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SEEFOR 8 (1): early view
Article ID: 126
Original scientific paper
Current Status and Perspectives of Forestry Entrepreneurship in Croatia
Mario Šporčić1, Matija Landekić1*, Ivica Papa1, Kruno Lepoglavec1, Hrvoje Nevečerel1, Ante Seletković2, Matija Bakarić1
(1) University of Zagreb, Faculty of Forestry, Department of Forest Engineering, Svetošimunska 25, HR-10000 Zagreb, Croatia; (2) University of Zagreb, Faculty of Forestry, Department of Forest Inventory and Management, Svetošimunska 25, HR-10000 Zagreb, Croatia
* Correspondence: e-mail: firstname.lastname@example.org
Citation: ŠPORČIĆ M, LANDEKIĆ M, PAPA I, LEPOGLAVEC K, NEVEČEREL H, SELETKOVIĆ A, BAKARIĆ M 2017 Current Status and Perspectives of Forestry Entrepreneurship in Croatia. South-east Eur for 8 (1): early view. DOI: https://doi.org/10.15177/seefor.17-01
Received: 13 Dec 2016; Revised: 19 Jan 2017; Accepted: 24 Jan 2017; Published online: 18 Feb 2017
Background and Purpose: The relevance and importance of forestry entrepreneurship is constantly increasing, especially in countries with high transition dynamics in forestry sector. In Croatia, forestry entrepreneurs have in short time become an indispensable part in the performing of harvesting and other types of forestry operations. This paper presents the current status and perspectives of forestry entrepreneurship in Croatia.
Materials and Methods: Based on the analysis of the available data from various sources (normative state acts, Forestry Chamber’s official registries, databases and documents, state forestry company business reports etc.), this paper provides an overview of the legal and institutional framework for the activities of private entrepreneurs in Croatian forestry with particular attention to licensing forestry contractors and the role of the Croatian Chamber of Forest and Wood Technology Engineers (Forestry Chamber).
Results and Conclusions: The paper explains the activities, tasks, organization structure and formal bodies of the Forestry Chamber. The licensing model is also presented together with the formal criteria and minimum conditions which forestry entrepreneurs have to fulfill in order to acquire a license for forest work operations. Structural characteristics and the profile of forestry entrepreneurs is given by the number, size and type of business, the type of forest operations for which they are licensed, and the volume of work that they are performing for Croatian Forests Ltd, the state forest company. Finally, the paper includes some reflections on the perspectives and possibilities for improving the status of entrepreneurship in Croatian forestry.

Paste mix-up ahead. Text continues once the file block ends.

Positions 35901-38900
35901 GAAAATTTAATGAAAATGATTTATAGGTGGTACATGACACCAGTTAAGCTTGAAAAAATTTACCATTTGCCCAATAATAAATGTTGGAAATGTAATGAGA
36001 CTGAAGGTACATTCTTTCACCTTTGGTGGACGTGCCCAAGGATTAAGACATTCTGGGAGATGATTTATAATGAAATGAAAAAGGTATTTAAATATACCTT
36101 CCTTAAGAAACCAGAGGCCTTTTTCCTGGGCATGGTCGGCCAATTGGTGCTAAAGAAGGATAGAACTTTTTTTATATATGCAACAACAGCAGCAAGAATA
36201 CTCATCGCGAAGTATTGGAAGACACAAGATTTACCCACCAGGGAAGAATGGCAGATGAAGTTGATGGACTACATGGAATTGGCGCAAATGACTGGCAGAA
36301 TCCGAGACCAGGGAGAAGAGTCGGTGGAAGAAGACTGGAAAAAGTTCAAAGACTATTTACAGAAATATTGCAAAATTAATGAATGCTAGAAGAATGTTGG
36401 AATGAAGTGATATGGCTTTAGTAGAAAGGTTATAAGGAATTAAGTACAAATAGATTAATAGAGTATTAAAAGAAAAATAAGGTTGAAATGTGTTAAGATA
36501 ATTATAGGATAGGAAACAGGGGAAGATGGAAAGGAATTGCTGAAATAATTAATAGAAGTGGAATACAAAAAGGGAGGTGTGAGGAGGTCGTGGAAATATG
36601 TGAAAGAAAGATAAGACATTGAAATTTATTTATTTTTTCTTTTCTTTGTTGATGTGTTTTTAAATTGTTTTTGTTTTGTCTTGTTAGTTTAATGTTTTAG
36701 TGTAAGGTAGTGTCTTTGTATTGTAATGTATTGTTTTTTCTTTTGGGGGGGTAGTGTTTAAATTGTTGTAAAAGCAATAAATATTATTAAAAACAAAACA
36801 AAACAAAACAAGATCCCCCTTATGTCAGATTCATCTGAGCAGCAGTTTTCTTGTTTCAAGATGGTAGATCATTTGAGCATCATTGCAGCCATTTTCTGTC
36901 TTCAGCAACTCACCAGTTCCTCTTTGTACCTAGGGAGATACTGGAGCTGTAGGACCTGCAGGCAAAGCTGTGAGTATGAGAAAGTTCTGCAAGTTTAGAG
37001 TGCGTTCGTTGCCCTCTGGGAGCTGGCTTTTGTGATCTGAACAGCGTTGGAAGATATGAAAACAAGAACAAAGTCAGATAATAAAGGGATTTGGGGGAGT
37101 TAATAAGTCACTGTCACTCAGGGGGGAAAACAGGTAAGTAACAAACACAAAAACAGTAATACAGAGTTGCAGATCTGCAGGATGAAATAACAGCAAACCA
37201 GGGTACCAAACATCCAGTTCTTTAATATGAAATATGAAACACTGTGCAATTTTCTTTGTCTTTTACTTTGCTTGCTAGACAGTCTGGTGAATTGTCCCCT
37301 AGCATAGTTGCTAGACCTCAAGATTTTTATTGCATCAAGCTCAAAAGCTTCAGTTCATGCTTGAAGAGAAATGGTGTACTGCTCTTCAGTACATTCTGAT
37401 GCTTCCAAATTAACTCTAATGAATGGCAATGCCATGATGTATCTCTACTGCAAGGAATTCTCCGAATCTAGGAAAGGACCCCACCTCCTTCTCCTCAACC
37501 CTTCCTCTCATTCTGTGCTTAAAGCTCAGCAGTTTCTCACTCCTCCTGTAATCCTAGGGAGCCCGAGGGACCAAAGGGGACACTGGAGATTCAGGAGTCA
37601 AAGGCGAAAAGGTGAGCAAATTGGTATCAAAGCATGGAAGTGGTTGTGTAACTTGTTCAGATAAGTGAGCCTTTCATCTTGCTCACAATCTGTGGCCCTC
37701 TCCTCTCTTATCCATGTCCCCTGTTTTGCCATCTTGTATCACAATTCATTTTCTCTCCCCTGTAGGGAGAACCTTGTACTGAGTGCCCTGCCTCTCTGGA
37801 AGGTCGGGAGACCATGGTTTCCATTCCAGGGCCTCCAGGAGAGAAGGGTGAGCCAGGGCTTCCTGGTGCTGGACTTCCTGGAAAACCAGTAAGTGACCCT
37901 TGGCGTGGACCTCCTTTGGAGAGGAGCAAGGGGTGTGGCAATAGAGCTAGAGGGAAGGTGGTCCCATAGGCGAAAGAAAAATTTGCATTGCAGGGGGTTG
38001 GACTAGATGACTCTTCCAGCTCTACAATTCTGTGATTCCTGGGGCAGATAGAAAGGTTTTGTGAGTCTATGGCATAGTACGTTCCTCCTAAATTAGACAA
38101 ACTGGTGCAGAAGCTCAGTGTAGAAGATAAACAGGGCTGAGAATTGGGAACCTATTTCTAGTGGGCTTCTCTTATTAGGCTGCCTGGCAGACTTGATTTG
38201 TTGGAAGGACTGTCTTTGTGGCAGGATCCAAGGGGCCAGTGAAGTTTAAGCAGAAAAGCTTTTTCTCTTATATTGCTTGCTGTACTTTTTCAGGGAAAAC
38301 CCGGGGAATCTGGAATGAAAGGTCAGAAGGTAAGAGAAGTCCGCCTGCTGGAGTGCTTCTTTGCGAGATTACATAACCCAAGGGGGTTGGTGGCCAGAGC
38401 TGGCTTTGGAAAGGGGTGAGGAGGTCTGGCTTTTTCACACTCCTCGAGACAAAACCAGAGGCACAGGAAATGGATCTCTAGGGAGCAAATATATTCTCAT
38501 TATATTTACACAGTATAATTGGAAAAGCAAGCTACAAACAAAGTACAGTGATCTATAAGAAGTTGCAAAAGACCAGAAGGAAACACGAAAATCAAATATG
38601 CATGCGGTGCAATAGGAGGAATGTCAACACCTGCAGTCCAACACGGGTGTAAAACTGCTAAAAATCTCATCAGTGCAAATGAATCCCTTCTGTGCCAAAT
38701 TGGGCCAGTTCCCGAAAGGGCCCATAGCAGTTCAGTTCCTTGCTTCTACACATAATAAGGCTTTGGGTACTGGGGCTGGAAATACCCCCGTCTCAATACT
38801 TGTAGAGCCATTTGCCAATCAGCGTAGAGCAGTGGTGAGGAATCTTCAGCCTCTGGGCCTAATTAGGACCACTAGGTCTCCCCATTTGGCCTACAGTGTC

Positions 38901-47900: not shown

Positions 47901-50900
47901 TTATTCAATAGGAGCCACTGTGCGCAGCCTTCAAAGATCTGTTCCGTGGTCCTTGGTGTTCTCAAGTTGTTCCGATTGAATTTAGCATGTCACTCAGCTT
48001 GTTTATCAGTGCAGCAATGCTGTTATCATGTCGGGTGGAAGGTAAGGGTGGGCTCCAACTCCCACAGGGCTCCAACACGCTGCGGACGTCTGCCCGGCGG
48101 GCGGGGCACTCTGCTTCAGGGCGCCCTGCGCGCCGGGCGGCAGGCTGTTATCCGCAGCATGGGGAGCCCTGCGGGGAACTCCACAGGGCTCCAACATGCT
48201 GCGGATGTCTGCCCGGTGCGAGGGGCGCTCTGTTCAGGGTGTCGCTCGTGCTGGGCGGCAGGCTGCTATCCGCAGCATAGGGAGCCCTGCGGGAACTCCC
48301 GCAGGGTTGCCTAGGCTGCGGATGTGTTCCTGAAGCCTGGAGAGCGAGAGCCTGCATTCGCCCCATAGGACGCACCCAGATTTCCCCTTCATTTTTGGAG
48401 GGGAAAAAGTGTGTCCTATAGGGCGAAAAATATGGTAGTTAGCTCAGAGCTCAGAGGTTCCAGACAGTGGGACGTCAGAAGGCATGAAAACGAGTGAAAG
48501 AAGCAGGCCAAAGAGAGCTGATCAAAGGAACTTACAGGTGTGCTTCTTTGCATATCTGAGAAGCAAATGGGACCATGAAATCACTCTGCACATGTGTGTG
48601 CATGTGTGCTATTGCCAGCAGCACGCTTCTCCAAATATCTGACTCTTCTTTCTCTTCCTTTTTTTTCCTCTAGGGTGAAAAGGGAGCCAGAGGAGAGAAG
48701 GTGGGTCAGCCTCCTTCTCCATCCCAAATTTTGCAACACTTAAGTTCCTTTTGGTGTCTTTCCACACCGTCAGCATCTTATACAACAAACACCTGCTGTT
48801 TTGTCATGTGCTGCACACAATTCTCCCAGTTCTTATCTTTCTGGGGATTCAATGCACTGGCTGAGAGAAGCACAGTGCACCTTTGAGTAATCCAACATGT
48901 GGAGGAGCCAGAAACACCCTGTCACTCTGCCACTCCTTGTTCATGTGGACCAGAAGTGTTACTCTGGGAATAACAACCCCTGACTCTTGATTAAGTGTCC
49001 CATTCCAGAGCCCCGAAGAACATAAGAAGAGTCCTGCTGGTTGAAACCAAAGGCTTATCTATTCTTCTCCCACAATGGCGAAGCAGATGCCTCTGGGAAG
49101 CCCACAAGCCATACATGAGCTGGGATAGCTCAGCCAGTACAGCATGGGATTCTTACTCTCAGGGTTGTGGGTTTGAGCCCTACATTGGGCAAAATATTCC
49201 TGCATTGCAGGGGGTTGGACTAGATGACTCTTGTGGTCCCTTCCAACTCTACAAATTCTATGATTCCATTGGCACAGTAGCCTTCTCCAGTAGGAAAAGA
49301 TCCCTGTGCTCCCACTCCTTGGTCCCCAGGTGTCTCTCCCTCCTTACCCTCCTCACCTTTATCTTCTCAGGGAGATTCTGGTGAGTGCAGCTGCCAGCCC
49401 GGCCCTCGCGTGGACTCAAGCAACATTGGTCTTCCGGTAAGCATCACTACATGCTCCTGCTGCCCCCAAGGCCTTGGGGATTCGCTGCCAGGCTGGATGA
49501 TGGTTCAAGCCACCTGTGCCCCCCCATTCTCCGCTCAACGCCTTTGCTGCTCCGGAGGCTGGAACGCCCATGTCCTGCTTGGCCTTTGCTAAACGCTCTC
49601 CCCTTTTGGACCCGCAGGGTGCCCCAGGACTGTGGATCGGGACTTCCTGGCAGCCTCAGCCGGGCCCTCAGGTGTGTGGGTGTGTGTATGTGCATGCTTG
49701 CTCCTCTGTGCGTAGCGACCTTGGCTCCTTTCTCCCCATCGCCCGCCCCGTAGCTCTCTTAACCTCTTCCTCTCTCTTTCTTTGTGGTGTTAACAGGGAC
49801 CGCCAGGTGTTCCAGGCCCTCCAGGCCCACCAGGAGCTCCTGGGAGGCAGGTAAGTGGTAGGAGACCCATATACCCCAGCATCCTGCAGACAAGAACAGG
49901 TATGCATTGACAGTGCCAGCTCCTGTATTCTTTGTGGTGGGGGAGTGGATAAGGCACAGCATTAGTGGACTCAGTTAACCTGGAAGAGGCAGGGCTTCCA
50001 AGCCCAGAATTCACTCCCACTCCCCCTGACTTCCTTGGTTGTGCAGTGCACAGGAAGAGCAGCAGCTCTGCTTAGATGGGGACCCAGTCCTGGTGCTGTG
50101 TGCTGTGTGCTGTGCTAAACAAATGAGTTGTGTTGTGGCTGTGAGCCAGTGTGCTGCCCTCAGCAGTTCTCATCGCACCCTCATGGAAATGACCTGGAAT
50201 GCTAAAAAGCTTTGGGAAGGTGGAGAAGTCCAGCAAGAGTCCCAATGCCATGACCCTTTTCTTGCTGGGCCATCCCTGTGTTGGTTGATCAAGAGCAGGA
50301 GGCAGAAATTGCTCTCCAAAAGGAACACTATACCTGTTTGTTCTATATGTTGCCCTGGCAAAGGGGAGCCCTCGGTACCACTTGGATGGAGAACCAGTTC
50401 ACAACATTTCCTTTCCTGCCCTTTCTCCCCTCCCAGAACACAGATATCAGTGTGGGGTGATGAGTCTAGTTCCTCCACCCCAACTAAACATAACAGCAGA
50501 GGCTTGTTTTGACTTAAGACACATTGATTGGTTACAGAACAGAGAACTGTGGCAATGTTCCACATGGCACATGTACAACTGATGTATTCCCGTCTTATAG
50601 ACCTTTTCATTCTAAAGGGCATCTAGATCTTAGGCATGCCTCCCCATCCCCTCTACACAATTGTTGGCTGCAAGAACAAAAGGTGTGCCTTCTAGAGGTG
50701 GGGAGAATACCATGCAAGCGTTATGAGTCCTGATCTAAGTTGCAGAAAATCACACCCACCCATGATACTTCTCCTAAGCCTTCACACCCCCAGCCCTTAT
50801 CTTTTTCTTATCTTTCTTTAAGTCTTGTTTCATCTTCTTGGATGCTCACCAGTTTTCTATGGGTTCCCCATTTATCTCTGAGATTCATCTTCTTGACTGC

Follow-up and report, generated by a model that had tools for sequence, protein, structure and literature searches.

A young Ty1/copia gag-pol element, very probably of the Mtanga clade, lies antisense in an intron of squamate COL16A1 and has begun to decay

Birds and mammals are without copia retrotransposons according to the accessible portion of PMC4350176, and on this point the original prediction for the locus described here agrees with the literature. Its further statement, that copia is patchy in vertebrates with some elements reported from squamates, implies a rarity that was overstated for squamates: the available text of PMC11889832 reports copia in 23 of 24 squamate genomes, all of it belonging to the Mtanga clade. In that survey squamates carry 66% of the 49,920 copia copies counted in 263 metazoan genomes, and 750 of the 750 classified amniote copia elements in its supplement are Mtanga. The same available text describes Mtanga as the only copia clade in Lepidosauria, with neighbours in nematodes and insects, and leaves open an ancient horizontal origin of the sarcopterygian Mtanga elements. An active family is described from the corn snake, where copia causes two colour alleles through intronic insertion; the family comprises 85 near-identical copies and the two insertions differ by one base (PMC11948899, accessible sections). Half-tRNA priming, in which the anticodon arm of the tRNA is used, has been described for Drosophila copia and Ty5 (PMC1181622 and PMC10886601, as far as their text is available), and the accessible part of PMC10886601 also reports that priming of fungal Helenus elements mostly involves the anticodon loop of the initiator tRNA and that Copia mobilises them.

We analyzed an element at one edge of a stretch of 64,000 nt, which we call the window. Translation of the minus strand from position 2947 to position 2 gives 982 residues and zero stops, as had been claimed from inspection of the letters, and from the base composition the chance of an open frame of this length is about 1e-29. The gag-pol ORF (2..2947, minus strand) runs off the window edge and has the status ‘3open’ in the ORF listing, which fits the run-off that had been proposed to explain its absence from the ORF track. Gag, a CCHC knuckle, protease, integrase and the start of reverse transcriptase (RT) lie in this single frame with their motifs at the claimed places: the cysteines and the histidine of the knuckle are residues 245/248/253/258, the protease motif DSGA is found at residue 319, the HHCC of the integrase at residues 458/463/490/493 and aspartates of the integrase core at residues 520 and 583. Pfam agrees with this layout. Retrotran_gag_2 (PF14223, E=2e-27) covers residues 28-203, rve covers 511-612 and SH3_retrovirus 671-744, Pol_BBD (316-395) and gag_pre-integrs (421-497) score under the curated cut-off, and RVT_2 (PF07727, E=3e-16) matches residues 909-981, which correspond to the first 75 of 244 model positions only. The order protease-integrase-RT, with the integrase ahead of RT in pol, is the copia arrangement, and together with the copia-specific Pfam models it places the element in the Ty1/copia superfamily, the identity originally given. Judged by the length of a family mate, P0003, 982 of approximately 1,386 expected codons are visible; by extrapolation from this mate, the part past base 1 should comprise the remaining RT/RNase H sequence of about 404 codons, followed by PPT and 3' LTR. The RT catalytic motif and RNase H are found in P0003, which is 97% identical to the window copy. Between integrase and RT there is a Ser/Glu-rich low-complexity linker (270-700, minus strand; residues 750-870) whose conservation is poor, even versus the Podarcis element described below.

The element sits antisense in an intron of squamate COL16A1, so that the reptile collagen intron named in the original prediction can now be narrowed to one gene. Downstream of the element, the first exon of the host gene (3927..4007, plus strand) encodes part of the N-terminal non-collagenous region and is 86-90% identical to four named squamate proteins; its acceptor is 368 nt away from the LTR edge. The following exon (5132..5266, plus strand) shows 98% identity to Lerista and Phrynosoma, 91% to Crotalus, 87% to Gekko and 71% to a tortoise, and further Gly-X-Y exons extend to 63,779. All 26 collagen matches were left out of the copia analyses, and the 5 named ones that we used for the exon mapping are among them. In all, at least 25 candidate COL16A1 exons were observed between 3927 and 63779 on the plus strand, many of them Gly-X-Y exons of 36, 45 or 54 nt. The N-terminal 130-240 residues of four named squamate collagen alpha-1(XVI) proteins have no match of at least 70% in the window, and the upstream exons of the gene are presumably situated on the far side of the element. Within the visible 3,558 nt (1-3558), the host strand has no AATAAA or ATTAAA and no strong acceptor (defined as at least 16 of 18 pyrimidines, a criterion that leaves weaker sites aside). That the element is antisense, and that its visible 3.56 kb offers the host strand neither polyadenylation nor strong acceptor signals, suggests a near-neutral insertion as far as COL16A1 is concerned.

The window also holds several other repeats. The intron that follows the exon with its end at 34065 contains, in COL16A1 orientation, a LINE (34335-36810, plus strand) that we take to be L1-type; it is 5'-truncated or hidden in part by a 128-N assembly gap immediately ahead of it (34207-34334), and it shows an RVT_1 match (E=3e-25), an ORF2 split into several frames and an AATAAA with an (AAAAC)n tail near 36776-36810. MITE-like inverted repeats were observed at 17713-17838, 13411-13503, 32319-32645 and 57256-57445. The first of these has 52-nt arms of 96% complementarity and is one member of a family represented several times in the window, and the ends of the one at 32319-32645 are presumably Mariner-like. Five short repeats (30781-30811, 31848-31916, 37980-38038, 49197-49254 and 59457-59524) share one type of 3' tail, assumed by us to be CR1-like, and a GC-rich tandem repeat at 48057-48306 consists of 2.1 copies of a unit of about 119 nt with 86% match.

Keywords: forestry entrepreneurship, contractors, licensing, forest work operations, Forestry Chamber, Croatia
Due to the development of forestry technologies at the end of the 20th century and structural changes within the sector (market transition, private restitution, etc.) a significant decrease in the number of employees and work machinery occurred in state-owned forestry companies. This period had also been characterized by the development of new business segments, such as the appearance and development of private contractors in forest harvesting [1-8]. The same scenario happened in Croatia with private contractors in the field of forestry operations during the 1990s. Research conducted in that period showed that in the beginning the first forest entrepreneurs were not adequately organized or qualified [2, 9, 10]. Conclusions from these papers showed that the newly introduced market mechanisms alone had not contributed to the profiling and selection of the best and most fitting forestry entrepreneurs. It also pointed out the necessity for developing a licensing model which would filter the existing forestry contractors and ensure quality in performing forest work operations .
Today private entrepreneurs play an important role in global forestry and also in Croatian forestry [12-19]. In Croatia they perform a significant amount of forest operations and provide various services (felling, hauling and skidding, transport, etc.) for their employers, mainly for Croatian Forests Ltd, the state forest management company. They have all also undergone a licensing process established in the meanwhile. The process of licensing has been given, as a special authority, to the Croatian Chamber of Forestry and Wood Technology Engineers.
This paper presents the current status of forestry entrepreneurship in Croatia. It provides an overview of the legal and institutional framework for the activities of private entrepreneurs in Croatian forestry with particular attention to licensing and the role of the Croatian Chamber of Forest and Wood Technology Engineers (Forestry Chamber). The paper explains the activities, tasks, organization structure and formal bodies of the Forestry Chamber. The licensing model is also presented together with the formal criteria and minimum conditions which forestry entrepreneurs have to fulfill in order to acquire a license for forest work operations. Structural characteristics and the profile of forestry entrepreneurs is given by the number, size and type of businesses, the type of forest operations for which they are licensed, and the volume of work that they are performing for the state company Croatian Forests Ltd. Finally, the paper includes some reflections on the perspectives and possibilities for improving the status of entrepreneurship in Croatian forestry.